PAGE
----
If you are not from Australia or New Zealand and have not heard of fairy bread, I feel sorry for you. Your childhood was most definitely lacking something and it probably goes a long way to explaining that hollow feeling you sometimes get in the pit of your stomach.
Fairy bread is the holy grail of preschool party food. Simply buy the cheapest, least nutritional loaf of white bread that you can find. IT MUST BE WHITE BREAD – I cannot stress that enough. And definitely not sourdough. Slather the bread in a generous amount of easy-spread butter or margarine (make sure you cover the entire surface of the bread. This is important). You can use unsalted butter, but keep in mind that salted butter is unhealthier and therefore more highly prized by little people. Finally, flip the bread over and place in a bowl of hundreds and thousands. The result will be a glorious, irresistible concoction of sugar and salt that will be a sure-fire hit. Make sure you make enough for the adults, who will simultaneously make fun of the fairy bread whilst consuming large amounts of it.
Lollies and chocolate
As with the fairy bread, this is neither the time, nor the place to try and impose your strict ideals of sugar consumption. Get the good stuff, with real sugar.
I highly recommend the timeless classics. Allen’s lollies, including: Red Skins, Milko Chews and Sherbies are about as good as it gets, while Cadbury Freddo/Caramelo Koala chocolates can’t be beat. Each of these choices has the added benefit of being individually wrapped. This means that you can all partake in the magic of highly-processed sugar, without worrying that tiny, grubby hands have soiled the goodness.
Best of all, any left-over lollies can be used over the following days to play a game that I like to call “Try To Eat As Many Lollies As You Can While The Kids Aren’t Looking”. I am an expert.
Buy chips. Kids love chips. Adults do too. Buy chips.
Let’s face it, the kids ain’t at the party to enjoy a three course, sit down dinner. Food needs to be consumed in the shortest amount of time possible to maximise play time, and should contain all the essential sugars for hyped-up, manic play followed by a devastating, tantrum-inducing crash right about the time the party ends.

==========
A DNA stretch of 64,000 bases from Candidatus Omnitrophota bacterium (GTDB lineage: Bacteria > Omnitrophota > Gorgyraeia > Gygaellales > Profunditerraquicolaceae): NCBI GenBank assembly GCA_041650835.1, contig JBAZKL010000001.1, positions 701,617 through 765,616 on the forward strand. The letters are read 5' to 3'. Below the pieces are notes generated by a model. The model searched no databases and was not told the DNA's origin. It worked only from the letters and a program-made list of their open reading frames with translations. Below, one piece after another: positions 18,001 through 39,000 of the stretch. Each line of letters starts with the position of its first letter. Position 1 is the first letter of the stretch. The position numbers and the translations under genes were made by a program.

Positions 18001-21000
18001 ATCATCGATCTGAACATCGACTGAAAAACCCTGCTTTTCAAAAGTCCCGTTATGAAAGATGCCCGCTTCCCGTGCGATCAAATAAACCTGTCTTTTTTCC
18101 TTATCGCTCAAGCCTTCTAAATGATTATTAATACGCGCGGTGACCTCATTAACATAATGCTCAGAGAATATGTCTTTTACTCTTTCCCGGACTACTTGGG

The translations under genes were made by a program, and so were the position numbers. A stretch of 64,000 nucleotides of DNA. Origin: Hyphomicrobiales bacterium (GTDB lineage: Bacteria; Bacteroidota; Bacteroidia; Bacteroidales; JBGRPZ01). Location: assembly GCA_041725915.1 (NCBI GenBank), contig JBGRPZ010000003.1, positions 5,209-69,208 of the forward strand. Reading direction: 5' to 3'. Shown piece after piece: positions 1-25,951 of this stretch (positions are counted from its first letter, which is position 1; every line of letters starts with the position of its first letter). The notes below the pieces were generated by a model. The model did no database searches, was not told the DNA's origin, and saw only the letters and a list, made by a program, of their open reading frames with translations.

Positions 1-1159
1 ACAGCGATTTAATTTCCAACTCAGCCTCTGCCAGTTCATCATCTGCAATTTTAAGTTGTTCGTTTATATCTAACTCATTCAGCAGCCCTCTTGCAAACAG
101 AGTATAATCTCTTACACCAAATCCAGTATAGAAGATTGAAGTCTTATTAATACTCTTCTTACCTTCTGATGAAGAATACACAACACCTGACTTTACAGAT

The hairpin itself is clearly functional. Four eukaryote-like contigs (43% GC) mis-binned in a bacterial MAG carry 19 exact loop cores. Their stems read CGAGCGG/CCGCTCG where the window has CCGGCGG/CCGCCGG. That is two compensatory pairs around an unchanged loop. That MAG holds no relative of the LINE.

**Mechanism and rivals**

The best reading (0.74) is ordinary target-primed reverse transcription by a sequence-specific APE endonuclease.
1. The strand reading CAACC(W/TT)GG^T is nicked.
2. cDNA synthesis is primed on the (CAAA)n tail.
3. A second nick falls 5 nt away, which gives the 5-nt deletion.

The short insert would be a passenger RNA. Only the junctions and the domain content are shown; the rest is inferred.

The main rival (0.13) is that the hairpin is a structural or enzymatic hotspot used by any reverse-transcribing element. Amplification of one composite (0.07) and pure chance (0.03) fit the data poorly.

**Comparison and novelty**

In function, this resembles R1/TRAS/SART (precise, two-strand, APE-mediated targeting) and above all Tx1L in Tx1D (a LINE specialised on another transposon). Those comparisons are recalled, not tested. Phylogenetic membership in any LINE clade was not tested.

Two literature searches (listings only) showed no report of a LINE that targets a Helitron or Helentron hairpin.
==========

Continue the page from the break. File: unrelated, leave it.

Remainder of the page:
While disciplined parents might be able to coax their pre-schooler into joining the proper lunch, this part mainly exists for the adults. My advice is to keep it as simple and stress-free as possible. Anything that cannot be prepared the day before (or easily purchased on the way to the venue) isn’t worth having.
Our go-to option is a large chunk of meat in the slow cooker for approximately 12 hours. Pork, beef, lamb, or even a combination (depending on your cooking options) is the way to go. It is almost impossible to overcook, so you won’t have to stress about keeping a constant eye on it, especially if using my favourite option – the Philips All-In-One Cooker. It is dead-easy, tastes delicious cold on a roll with a coleslaw or garden salad and some sauce, and is sure to impress!
Friends and Family
Invite as many kids as you can think of. The more, the merrier! The food is easy to scale up or down and if your party is in a park you aren’t exactly going to run out of space! It doesn’t matter if they don’t know each other – pre-schoolers have very few inhibitions and they will soon all be playing together in the most enjoyable ways. While organising these parties may feel stressful for many weeks leading up to the event, the sight of a stack of kids cutting loose and having fun together is a genuinely enjoyable experience.
Make sure you take the time to soak it in. These days don’t last for long and you are witnessing the moments that might just becomes some of your child’s fondest memories of childhood.
Because the partygoers haven’t had enough sugar already! Send them home with a bag of sugary goodness as a way of saying “thanks for coming to my party!”
There are plenty of other things that can make a party great, but get the essentials right and the rest is just tweaking around the edges. No matter how you go about it, remember that pre-schoolers are pretty simple creatures who just want to have some sugar and some fun with friends. It is their day and, as long as they have fun, the rest doesn’t really matter!